in the midst of the viewer stream, tArvis took a moment to talk with me friday night. He told me about the Vanderhook press that he pulls with both hands when he proofs his linocuts. Something like the next photo.
He agreed to be spontaneous and say a few words for this post.
tArvis porter (TP) and karl marxhausen (KM) exchange. Two minutes.
tArvis points to photos of his blog from his smartphone. His PROCESS is deliberate, precise, and manual.
TP: All right, so here is my sketch. Which is drawn out on graph paper. That is how I kind of lay out the design --- And then, here it is, basically drawn out on a grid. --- Then, penciled in. --- Then I go through and actually carve it out. --- That is the finished plate right there. A couple little versions of it. ---
With this particular print, the red goes first. And you can see with my print that everything is really manual. You know, roll out the ink by hand, roll it on the press by hand, and then you actually pull the press, you pull every print by hand.
This is the black screen, so if you look at it there (both screens at the same time) you can see the red goes first, then black. And then hopefully that is the finished product.
TP: Of course, even the registration with this is manual, so --- You just LEARN to EMBRACE the imperfections with it.
KM: So which piece is that in this room?TP: This one over here (pointing to the wall)KM: point it out to us? Can you stand by it?TP: Sure. There it is ! ! Fire 2012 (Chimú)KM: What is your name?TP: Travis Porter.KM: And so, how many prints can you do of that?TP: Oh. I do a lot of small runs. Like ten to twelve. This particular one I left open, because the red and black is so popular that I figure I can come back to a lot. But some of the more colorful ones, they are pretty small editions.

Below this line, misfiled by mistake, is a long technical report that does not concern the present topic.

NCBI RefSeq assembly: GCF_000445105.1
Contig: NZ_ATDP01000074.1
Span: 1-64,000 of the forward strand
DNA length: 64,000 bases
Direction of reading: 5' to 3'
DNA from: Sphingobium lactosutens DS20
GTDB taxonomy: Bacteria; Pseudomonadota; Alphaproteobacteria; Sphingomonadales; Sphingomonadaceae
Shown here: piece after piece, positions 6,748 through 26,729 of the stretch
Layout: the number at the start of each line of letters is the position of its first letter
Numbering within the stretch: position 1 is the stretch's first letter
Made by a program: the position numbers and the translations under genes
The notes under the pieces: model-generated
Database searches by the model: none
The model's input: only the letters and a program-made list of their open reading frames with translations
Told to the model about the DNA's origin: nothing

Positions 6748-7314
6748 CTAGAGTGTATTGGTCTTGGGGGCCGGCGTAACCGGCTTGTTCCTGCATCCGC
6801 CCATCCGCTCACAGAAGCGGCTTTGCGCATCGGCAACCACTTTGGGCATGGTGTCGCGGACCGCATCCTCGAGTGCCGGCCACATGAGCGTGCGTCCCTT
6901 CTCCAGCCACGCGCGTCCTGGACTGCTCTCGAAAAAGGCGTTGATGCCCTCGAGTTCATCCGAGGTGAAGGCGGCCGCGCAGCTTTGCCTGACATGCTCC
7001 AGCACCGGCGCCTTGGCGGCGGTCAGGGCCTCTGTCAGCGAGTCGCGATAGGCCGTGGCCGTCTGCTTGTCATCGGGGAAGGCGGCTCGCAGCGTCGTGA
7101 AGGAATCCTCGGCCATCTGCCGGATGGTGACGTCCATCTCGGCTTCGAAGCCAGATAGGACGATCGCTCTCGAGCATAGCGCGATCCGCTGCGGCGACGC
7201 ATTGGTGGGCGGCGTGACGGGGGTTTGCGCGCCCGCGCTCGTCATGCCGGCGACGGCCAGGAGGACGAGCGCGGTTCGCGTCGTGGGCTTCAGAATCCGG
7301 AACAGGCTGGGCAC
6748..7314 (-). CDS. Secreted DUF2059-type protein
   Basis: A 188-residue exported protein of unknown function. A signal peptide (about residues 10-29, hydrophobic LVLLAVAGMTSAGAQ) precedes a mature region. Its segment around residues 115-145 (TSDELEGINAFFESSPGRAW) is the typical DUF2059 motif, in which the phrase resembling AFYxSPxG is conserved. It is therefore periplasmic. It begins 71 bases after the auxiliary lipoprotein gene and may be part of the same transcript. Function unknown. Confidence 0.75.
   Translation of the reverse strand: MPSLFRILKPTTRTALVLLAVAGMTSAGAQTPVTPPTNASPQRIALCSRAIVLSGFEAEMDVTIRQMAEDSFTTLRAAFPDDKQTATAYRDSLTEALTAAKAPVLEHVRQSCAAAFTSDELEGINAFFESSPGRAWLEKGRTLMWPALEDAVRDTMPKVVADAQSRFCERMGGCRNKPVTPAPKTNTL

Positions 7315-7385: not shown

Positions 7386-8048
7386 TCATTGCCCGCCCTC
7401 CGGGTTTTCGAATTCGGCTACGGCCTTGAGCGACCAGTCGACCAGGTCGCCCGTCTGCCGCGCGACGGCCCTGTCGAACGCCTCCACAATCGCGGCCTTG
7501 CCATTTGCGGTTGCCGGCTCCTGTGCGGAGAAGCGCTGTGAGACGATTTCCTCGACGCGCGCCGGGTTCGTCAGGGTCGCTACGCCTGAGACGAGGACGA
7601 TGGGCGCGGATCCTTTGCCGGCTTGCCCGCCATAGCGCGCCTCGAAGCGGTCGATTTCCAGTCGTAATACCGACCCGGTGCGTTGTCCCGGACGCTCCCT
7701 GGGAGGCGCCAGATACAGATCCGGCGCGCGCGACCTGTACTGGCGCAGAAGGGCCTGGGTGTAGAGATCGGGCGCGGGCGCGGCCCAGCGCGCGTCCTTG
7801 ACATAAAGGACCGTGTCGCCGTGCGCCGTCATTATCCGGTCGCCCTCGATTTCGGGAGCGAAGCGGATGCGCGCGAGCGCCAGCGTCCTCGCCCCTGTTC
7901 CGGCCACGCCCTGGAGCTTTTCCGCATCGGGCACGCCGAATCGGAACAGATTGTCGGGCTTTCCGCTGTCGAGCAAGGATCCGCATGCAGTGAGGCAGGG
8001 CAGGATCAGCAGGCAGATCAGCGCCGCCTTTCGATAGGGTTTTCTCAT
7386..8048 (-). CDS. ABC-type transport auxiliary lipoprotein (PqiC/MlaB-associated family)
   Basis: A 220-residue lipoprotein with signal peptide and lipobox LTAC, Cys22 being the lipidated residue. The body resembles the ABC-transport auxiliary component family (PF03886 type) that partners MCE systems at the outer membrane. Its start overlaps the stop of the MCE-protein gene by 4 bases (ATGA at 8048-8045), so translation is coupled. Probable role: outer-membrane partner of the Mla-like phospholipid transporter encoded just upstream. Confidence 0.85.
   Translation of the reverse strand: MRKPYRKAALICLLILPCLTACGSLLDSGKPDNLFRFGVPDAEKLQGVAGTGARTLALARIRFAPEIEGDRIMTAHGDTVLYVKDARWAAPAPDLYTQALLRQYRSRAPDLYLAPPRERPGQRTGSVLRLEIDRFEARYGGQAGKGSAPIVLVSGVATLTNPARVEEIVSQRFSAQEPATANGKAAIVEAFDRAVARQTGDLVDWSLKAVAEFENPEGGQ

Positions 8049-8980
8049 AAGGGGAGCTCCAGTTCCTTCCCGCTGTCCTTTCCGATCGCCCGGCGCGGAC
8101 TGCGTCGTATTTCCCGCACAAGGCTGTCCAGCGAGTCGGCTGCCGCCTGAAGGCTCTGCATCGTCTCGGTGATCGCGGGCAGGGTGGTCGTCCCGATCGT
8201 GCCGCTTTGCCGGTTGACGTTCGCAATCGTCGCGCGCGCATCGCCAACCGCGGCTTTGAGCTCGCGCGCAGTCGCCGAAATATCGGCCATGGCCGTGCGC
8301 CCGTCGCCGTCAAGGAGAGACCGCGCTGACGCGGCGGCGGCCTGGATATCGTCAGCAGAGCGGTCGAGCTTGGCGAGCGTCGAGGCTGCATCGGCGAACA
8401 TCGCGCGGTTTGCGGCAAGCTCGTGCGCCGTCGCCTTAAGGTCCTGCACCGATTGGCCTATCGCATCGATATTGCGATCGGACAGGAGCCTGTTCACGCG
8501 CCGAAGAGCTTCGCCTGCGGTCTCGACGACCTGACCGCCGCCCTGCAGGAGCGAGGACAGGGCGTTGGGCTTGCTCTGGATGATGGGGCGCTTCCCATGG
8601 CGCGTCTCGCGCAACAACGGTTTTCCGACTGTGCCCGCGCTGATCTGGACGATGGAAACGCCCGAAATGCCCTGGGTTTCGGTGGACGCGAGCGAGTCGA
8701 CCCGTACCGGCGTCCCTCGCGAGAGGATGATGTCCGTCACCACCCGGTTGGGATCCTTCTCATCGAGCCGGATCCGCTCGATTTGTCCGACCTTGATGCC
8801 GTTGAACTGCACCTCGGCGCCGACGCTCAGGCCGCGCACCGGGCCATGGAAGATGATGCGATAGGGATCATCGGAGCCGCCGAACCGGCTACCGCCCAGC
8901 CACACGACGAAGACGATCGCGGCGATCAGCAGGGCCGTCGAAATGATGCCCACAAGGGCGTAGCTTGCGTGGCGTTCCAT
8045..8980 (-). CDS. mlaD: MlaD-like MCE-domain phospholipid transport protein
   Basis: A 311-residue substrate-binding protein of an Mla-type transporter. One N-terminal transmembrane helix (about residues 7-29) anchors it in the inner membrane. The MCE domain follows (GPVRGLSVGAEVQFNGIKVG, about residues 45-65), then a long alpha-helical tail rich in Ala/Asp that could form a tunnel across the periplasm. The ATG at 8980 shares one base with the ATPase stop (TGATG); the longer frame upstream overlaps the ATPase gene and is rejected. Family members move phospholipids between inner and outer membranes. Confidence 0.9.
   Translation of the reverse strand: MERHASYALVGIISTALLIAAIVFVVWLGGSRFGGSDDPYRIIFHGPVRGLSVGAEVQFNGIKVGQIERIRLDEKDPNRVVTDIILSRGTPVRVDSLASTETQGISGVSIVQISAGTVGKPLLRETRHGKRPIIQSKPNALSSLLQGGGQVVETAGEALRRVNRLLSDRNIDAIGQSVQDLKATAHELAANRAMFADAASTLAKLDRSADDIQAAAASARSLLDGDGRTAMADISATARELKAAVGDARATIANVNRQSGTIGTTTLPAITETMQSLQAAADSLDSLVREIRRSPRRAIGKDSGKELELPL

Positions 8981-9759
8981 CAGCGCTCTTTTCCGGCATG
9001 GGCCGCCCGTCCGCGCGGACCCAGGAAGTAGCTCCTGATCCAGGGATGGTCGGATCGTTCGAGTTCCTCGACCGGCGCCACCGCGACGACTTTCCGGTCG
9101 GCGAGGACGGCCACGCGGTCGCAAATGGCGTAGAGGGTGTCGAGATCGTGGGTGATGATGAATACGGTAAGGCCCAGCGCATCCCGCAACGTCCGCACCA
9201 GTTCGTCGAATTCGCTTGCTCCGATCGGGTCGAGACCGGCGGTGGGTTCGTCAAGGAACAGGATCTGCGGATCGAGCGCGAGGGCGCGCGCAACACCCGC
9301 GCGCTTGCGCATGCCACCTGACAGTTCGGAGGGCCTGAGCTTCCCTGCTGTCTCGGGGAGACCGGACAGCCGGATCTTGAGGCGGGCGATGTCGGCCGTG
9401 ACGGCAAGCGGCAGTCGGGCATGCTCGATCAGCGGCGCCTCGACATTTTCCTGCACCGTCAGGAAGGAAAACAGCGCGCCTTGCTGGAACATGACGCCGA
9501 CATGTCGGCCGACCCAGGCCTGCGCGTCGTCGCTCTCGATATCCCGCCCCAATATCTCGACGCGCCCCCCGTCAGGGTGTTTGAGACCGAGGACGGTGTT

KM: And you were saying just a few minutes ago how, this is not typical of linocuts. So, what difficulties do you have with this particular challenge?
TP: Registering colors!! Typically with linocuts I feel like it is a little freer process, and not so graphic and built on a grid. So..
KM: Is it labor intensive??
TP: Yes. Very much !!! But the thing is, once you CARVE the BLOCK, you got it forever. Cause I spent many a-night carving. And I thought to myself, 'do it right, and you'll have this block and print on it forever.'
KM: Of course, you are proud of it.
TP: Sure. Why wouldn't I?
KM: Who does your framing?
TP: I did. Because I have too.
The interview took place June 6, 2014
at the Opie Gallery in the Leedy Voulkos Art Center, Kansas City, Missouri. Syncretized Patterns ran May 2nd to June 6th, 2014.
More deliberate precision cuts by tAvis at http://theporterhaus.us/
(Hand-pulled vanderhook proof press courtesy of Briar Press, http://www.briarpress.org/?q=system/files/IMG_1393.jpg, The Porterhaus, http://theporterhaus.us/, Fire 2012 image, http://1.bp.blogspot.com/-qxIrogdsZnk/U6EdkhLylYI/AAAAAAAAKGM/_nvIY6ys7S8/s1600/porter.Chimu_Crmsn_Col_grande.jpg,
Fire process, http://tarviskc.blogspot.com/2012/01/fire-2012.html, accessed June 18, 2014)